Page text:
Kiran Stacey

I’m sad to say that after eight months of running Energy Source, I’m moving onto pastures new, to take up a position in Westminster as one of the FT’s crack team of political correspondents. You can continue to read my rantings (some may even be energy related) in the FT and on the Westminster blog. Read more

This interactive map tracks the impact of Friday’s earthquake in Japan, as well as the resulting tsunami across the Pacific. Read more

Japan has declared a “nuclear emergency” at an atomic plant north of Tokyo after cooling systems failed following the country’s 8.9 magnitude earthquake. Read more

The International Atomic Energy Agency, the world’s nuclear watchdog, said on Friday that it was seeking further details about the situation at a Japan’s Fukushima Daiichi nuclear power plant, which has been hit by the earthquake.

Japan has declared a heightened state of alert at the nuclear power plant, which is a boiling water reactor with six units. Read more

With a magnitude of 8.9, according to the British and US geological surveys, the offshore quake is the biggest since the magnitude 9.1 event off the coast of Indonesia that triggered the devastating Boxing Day tsunami in 2004 – and Japan’s biggest quake in recorded history. Read more

Sheila McNulty

Sara Akbar, chief executive of Kuwait Energy, an independent oil and gas company focused on the region, brought to the IHS Cambridge Energy Research Associates’ annual energy conference in Houston what she called a “view from the street” on the North Africa/Middle East tensions.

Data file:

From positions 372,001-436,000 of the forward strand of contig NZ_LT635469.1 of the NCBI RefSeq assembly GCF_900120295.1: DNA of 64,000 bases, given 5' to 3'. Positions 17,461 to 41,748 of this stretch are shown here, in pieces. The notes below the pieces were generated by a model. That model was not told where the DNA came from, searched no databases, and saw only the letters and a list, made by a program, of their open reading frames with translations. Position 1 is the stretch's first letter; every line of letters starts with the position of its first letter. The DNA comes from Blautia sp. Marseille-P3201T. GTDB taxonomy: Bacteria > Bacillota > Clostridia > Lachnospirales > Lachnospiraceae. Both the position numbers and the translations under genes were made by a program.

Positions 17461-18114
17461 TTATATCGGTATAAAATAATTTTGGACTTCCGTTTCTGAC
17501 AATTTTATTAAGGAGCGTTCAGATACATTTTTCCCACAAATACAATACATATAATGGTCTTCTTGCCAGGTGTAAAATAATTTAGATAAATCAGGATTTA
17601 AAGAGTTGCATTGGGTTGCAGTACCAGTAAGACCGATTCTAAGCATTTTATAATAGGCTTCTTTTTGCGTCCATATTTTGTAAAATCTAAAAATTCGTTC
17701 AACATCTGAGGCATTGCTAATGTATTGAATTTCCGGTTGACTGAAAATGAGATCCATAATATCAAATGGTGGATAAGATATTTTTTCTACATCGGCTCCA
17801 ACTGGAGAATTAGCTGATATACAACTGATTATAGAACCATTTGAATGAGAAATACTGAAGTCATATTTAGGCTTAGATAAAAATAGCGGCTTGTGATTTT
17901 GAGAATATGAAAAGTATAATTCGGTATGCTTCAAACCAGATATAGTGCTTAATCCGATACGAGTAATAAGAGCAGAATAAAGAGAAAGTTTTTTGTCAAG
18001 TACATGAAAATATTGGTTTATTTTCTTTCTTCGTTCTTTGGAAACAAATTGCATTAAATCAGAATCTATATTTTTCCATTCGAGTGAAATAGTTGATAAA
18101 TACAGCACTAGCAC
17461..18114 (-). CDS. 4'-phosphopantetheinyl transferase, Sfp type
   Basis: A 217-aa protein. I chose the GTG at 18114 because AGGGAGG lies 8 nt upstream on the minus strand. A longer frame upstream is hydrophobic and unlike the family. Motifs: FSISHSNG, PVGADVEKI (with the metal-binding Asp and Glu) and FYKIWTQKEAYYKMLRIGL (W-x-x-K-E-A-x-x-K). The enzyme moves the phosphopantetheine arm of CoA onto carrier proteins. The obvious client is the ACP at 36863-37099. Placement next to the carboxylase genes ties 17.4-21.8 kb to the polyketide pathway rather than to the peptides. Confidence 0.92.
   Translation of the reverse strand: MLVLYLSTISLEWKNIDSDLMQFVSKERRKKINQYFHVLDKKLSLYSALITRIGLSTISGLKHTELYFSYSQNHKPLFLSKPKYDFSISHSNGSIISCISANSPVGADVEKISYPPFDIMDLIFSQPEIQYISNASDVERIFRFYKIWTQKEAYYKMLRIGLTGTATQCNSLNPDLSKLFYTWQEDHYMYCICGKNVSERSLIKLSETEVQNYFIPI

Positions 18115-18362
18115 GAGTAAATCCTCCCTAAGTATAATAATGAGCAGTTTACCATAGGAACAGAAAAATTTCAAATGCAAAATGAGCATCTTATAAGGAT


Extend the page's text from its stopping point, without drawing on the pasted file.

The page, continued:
Akbar said that although the region was made up of disparate countries, they had enough similarities that one spark had set off change throughout. Even in Kuwait – which she noted had a very stable political system – there were calls for change. Read more

As the Great Socialist People’s Libyan Arab Jamahiriya comes crashing down, despite regime attempts to butcher demonstrators — here’s a timely reminder on corporate exposure. Read more

Kiran Stacey

In this week’s readers’ Q&A session, Magued Eldaief, the head of GE’s UK energy business, answers your questions.

In this post, he discusses subsidies for carbon capture and storage, legislation to curb emissions and the future of smart metering.

Earlier, he answered questions on the future for nuclear power in northern Europe, wind power in the developing world and whether it is better to back small- or large-scale power generation projects.

Next in the hotseat is Iam Simm, chief executive of Impax Asset Management. He will be answering your questions next Friday, January 28th. Send in your questions for consideration by the end of Sunday, January 23rd to energysource@ft.com.

But for now, over to Magued:

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In this week’s podcast: BP and final conclusions of the commission into the cause of the Deepwater Horizon disaster; Eon – profits and bill increases; mining companies and the FTSE 100.

Guest in the studio: Author of ‘In Too Deep’ – a book which promises to lift the lid on the corporate culture that led to the Deepwater Horizon explosion – Stanley Reed. Read more

In this week’s podcast: Rising oil and commodity prices and the threat to the global economic recovery; Northern Ireland’s water debacle; a BP update. Read more